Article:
The 30 day squat challenge is a relatively easy way for a beginner to begin incorporating a variety of bodyweight squat variations into their exercise routine. The challenge length helps build the exercise habit in the participant, increasing the likelihood that a regular exercise routine can continue to be followed after the challenge is “over.” [Read more…]
Best Squat Programs for 2021
Squat programs generally focus on increasing the one rep max for an athlete's squat. Other routines may increase the squat work capacity of the athlete.
Some of these program spreadsheets are better suited for meet prep or peaking, while others are better for off-season training. Squat programs are often combined with routines that train other lifts like the bench press or deadlift to build the overall strength of an athlete.
Popular Squat Programs:
- 12 Week Squat Program (Kizen)
- Russian Squat Routine
- Hatch Squat Program
- Tim Swords 7 Week Squat Program
- Greg Everett 10 Week High Volume Squat Program
- Candito Advanced Squat Program
- Gene Bell's Jr. Squat Peaking Program
- Brad Gillingham 16 Week Squat + Deadlift Program
- USSR Yearbook Squat Routine 1974-1976
- N Suns 5/3/1 Spreadsheets (includes squat focused routines)
- Greg Nuckols 28 Spreadsheets (includes squat focused routines)
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Search the Lift Vault Program Library to find the exact program you're looking for based on many criteria (e.g. experience level, days per week, and much more).
The latest squat programs are also available below.
Deep Water is a 4 day (or 5 day if you do the recommended active recovery) strength program designed by Jon Andersen. It runs for 6 weeks and is infamous for its “100 reps in as few sets as possible” workouts for squat, deadlift, and push press. For this reason I have included this program in the squat program and deadlift program collections as well.
You could run this only for the squat, deadlift, or overhead press, though that was not the original intent of the program. [Read more…]
This is a 6 days per week, 10 week high frequency/volume squat peaking program designed by Greg Everett. While it was designed with Olympic weightlifters in mind, hence the high volume for front squats as well as back squats, it can be used by anyone looking for a high volume squat peaking program. [Read more…]
Tim Swords is an olympic weightlifting coach and this is a 7 week squat program he employs. It can be used for the front squat or the back squat, though it is designed to peak the front squat.
These spreadsheets are based off of an interpretation of his work and are not officially endorsed or associated with him in any way. [Read more…]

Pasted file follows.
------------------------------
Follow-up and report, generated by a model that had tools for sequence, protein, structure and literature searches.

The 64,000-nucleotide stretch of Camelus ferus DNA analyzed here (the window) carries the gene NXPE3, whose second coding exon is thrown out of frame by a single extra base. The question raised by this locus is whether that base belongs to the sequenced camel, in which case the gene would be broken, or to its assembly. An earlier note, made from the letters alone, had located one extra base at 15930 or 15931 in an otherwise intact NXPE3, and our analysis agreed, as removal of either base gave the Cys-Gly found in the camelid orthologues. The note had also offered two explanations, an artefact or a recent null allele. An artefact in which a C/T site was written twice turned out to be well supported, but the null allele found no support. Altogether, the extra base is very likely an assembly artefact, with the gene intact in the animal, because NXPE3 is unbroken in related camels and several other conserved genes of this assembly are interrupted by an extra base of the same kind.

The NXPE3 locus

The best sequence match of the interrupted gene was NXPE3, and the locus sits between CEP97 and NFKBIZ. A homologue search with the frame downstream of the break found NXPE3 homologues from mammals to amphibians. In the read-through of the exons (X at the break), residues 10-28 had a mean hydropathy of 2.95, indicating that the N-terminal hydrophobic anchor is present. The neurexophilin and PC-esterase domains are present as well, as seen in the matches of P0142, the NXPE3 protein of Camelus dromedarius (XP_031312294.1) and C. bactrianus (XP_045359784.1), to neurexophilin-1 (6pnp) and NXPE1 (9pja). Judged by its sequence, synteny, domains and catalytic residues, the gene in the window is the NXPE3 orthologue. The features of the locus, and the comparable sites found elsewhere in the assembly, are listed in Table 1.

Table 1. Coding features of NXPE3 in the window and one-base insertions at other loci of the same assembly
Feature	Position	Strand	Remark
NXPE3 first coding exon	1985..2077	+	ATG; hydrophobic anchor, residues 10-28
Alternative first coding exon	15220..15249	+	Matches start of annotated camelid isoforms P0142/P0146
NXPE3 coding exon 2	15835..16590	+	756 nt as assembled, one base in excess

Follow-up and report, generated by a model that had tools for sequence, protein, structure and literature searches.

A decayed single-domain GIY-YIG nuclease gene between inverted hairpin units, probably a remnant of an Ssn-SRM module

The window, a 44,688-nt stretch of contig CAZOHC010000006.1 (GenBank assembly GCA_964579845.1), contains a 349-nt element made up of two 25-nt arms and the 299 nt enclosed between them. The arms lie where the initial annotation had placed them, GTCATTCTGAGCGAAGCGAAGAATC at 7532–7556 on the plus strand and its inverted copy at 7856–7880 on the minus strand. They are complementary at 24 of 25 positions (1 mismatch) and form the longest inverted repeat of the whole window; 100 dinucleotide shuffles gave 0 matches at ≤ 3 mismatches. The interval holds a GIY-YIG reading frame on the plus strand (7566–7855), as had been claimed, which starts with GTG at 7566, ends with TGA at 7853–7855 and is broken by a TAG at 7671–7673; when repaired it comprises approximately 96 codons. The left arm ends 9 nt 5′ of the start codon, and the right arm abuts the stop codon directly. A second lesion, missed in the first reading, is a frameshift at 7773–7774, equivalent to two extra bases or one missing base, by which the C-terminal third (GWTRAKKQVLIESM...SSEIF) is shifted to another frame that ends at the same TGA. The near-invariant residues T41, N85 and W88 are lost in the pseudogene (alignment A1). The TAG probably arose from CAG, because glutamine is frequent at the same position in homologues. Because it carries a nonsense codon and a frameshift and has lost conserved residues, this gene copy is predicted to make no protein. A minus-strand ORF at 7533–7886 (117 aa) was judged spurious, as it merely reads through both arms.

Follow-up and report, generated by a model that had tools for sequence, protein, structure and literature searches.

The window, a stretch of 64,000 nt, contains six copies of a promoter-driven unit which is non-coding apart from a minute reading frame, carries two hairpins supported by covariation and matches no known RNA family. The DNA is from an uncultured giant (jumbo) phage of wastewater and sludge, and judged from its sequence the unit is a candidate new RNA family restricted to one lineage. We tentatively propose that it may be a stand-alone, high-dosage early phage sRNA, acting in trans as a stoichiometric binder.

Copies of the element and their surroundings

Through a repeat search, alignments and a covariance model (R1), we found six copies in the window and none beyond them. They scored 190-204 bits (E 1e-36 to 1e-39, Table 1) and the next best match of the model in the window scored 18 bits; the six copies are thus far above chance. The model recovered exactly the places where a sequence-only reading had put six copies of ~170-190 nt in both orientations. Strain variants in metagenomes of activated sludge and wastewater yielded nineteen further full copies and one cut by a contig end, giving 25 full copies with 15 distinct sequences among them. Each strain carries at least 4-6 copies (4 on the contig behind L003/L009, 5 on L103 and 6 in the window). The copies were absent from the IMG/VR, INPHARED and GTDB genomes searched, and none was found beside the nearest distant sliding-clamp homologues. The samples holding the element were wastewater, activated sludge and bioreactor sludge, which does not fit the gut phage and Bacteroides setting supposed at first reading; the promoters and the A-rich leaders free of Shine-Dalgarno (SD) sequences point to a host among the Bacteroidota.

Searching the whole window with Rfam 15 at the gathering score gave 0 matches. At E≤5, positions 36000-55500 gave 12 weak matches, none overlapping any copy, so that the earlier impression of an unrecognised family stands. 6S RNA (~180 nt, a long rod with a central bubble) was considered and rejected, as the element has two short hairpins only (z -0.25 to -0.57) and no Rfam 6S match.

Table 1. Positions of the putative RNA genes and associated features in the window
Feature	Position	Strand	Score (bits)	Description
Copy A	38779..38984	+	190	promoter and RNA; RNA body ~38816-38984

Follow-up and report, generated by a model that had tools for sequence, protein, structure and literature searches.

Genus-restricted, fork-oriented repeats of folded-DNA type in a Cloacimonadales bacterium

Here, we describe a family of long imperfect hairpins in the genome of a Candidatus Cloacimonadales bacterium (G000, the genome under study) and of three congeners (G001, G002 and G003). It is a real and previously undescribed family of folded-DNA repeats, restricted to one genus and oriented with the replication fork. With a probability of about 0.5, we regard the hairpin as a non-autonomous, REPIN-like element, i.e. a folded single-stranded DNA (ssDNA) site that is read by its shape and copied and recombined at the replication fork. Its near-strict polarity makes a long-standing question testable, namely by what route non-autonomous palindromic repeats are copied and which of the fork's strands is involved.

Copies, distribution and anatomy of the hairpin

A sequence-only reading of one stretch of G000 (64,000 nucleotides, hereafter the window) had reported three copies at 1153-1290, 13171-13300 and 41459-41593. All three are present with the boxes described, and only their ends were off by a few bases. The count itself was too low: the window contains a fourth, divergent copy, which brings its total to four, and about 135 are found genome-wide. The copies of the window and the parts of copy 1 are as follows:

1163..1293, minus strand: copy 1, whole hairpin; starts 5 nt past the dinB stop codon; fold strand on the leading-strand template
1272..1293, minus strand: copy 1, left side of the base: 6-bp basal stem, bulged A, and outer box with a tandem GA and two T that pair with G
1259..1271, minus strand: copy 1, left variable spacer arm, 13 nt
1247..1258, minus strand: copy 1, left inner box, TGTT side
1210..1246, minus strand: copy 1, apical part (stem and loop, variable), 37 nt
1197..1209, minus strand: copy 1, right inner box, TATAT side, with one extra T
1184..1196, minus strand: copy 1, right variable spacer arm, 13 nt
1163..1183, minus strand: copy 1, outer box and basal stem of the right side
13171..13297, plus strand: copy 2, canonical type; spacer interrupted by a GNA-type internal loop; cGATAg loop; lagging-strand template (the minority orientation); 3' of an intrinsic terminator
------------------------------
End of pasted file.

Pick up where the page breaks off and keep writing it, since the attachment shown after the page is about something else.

Released in 2016 by Jonnie Candito, this is a 9 week advanced squat program. Similar to his advanced deadlift program and advanced bench press program, this emphasizes progression on the squat and places significantly less emphasis on the bench and deadlift. This is geared toward lifters that have plateaued on their squat or are looking to focus on it for other reasons. [Read more…]
This is a variation of Tactical Barbell programming combined with the GZCL program framework. It only programs the bench press and squat movements. Deadlifts are not included. This is ideal for athletes that are either unable to deadlift or looking to focus primarily on improving their bench press and squat. [Read more…]
Created by Coach Gayle Hatch, the Hatch Squat Program is fairly straightforward:
- Train the squat 2x per week for 12 weeks
- Each training session programs front squats and back squats
- The Hatch Squat Program uses a descending pyramid rep scheme
- The athlete will attempt a 103% of 1RM squat in week 11
The Hatch Squat program would be useful for intermediate and advance lifters looking to break through a plateau on their squat. Because of it’s 1:1 rep ratio between the front and back squat, it’s written more with weightlifters in mind, not powerlifters. It could be effective for off season powerlifting training though. [Read more…]
The original strains of what became the Russian Squat Routine, the 1974 and 1976 USSR “Yearbook” routines are very specific and should only be used when preparing the squat for competition. These are not general, off-season programs to be run repeatedly.
- 1974 is a 3 week program, 1976 is a 6 week program
- Both are high itensity; but 1976 stays at or above 80% of 1RM for all 6 weeks of the program
- 1974 dips into the 60% range on the lighter workout days, but stays at or above 75% the rest of the sessions
- 1974 works primarily with 3-5 rep ranges, 1976 works with significantly more sets of 2 reps, likely as a result of the higher intensity
- 1974 comes with two 3 week flavors that can be run sequentially (flavor 1, then flavor 2), repeatedly (flavor 1 or 2, then repeat for the next 3 weeks) to achieve the 6 week cycle